Given that Peter fades from view halfway through the book of Acts and that he left no gospel account in his name, it is tempting for many biblical scholars to dismiss him as a vague figure in Christian history and downplay his influence in the early church.
Martin Hengel rejects this understanding in his new book Saint Peter: The Underestimated Apostle and argues that Peter was in fact the Rock, central to the development of both the Jewish and the Gentile Christian communities. Hengel clearly shows how each of the four gospels specifically highlights Peter's foundational role. He considers what Peter's message must have been as an eyewitness of Christ, reflects on Peter's theology, and draws attention to Peter's work as an organizer and mission strategist. Hengel also examines the contributions of married apostles - like Peter - and their family communities to the rapid and enduring spread of the Christian message.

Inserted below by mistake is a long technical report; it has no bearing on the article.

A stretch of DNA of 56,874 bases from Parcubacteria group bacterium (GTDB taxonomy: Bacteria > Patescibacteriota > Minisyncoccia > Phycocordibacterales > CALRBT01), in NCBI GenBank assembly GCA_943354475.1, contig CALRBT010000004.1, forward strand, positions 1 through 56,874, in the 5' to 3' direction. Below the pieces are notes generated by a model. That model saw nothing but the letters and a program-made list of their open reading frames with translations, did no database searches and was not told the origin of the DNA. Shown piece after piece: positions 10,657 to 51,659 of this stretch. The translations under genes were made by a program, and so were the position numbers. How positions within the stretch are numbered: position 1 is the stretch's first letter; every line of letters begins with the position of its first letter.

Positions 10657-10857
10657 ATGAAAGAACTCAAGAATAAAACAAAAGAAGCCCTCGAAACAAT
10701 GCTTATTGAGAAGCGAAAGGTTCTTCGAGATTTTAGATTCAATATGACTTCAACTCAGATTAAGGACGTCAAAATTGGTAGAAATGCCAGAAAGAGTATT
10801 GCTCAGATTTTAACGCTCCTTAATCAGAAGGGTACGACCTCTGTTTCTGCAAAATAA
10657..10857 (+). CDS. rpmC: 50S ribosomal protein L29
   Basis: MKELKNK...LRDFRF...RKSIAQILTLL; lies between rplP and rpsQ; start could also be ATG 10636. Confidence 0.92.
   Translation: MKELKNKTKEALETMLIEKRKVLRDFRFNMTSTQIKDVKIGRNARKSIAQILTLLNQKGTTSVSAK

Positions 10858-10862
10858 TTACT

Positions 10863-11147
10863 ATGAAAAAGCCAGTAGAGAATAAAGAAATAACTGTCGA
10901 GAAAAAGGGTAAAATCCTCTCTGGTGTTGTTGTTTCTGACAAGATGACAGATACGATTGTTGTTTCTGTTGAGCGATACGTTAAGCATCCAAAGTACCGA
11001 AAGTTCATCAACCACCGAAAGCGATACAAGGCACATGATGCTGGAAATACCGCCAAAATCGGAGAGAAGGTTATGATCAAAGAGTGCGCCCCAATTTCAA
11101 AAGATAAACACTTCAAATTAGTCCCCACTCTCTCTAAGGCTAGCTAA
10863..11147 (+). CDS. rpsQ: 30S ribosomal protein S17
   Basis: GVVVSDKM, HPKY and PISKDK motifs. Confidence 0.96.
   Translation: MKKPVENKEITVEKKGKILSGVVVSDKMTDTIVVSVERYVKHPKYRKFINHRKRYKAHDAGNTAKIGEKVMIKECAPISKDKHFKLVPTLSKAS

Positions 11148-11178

Paul J. Achtemeier
Union Theological Seminary in Virginia
"In this study of Peter's decisive role in shaping the theology of the early Christian traditions, Martin Hengel provides a wealth of material on the historical circumstances and background of both Hellenistic and Jewish/rabbinic thought and history. Revealing Peter as theologian and mission organizer, the book contains a gold mine of information not only about Peter but also about the early church and its development. A highly recommended study."
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